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Ancient Bees May Have Been Wiped Out with the Dinosaurs

Update Date: Oct 25, 2013 10:31 AM EDT
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The ancestors of modern bees may have vanished with dinosaurs 65 million years ago, a new Australian research has found.

The massive extinction in the population of bee took place in a series of events at so called K-T (Cretaceous-Tertiary) boundary.

The research has been carried out by biologist Professor Mike Schwarz from Flinders University and the findings of the study were published in the journal PLOS ONE.

“We were studying the relationship between bees in Africa, Asia and Australia. However, unlike dinosaurs that have left plentiful fossils, bees don’t fossilise well, so their presence in the fossil record is very patchy,” Schwarz said according to ABC Science. “There are large numbers of bees found in 45 million year old amber, but not much before that.”

Schwarz along with his colleagues used the genetic technique which is also known as molecular phylogenetic analysis, This analysis is to determine the evolutionary relationships of more than 200 species.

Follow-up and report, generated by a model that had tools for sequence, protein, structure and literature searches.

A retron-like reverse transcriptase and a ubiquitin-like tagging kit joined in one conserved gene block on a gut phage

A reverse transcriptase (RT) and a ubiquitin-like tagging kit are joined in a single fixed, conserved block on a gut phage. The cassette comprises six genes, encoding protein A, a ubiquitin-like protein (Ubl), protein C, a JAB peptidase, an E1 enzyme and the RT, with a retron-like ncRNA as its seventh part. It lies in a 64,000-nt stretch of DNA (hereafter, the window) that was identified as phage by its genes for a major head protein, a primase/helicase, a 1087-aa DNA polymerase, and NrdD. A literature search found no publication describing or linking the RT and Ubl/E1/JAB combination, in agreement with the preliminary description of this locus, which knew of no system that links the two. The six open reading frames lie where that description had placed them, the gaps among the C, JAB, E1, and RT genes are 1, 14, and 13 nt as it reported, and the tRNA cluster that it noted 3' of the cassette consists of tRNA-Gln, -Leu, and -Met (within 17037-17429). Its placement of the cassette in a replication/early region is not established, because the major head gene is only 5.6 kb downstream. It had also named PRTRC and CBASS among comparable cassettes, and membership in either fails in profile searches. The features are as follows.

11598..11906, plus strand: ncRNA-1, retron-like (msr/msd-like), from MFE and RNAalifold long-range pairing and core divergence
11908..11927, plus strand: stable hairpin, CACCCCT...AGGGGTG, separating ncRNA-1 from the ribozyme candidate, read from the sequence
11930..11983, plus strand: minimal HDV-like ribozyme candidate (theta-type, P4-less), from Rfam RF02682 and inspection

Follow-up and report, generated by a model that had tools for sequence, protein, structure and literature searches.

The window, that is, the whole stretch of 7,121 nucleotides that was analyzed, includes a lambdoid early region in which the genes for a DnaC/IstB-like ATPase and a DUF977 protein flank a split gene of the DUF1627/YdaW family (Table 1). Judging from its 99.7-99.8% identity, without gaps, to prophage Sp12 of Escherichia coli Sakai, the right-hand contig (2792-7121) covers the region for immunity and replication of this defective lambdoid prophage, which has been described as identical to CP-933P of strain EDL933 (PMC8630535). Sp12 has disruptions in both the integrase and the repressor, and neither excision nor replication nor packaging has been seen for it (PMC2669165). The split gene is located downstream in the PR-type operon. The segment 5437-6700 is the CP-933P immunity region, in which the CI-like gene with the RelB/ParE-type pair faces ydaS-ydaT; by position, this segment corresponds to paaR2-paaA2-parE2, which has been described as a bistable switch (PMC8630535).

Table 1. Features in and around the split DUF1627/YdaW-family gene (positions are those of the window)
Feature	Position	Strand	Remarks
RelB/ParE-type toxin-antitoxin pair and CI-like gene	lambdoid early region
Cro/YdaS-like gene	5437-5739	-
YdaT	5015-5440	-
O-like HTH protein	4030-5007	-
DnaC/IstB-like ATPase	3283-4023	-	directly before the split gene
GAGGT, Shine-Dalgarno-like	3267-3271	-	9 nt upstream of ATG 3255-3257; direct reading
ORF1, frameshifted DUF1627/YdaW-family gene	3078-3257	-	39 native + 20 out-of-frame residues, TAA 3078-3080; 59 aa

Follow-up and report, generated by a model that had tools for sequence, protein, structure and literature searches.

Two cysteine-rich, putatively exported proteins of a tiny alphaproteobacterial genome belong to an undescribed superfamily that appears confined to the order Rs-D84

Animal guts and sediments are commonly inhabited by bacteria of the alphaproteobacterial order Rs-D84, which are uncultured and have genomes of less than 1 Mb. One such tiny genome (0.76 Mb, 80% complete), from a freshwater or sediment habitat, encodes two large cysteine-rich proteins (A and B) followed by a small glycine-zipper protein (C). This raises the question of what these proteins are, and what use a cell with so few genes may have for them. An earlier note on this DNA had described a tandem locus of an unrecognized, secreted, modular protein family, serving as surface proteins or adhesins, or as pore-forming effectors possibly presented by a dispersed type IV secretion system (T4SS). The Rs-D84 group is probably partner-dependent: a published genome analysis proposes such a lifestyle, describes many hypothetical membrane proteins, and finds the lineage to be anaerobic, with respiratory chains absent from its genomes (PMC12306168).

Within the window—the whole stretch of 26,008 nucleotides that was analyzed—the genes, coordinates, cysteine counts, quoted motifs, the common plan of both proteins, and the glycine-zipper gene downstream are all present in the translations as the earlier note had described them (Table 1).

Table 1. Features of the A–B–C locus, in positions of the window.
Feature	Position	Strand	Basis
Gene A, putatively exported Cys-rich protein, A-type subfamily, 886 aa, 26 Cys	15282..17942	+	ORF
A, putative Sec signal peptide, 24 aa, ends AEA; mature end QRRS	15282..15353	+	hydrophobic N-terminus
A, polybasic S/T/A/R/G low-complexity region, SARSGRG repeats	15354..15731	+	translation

“During our study we found a peculiar genetic signature that looked like a massive extinction event,” Schwarz added according to ABC News. "There was early diversification among the family, followed by a long period in which diversity seemingly stalled.

“This was then followed by a sudden massive increase in diversity in all four bee tribes.”

The long-tongued bee family Xylocopinae are widespread and are usually found in a variety of ecological riches.

"There was a lot of climate change just before the K-T boundary that also resulted in a global loss of flowering plant species. Both would have affected pollinator numbers.

“And for plants that have a close relationship with the insects, losing their pollinators would have magnified their own loss. It was a real double whammy,” added Schwarz.

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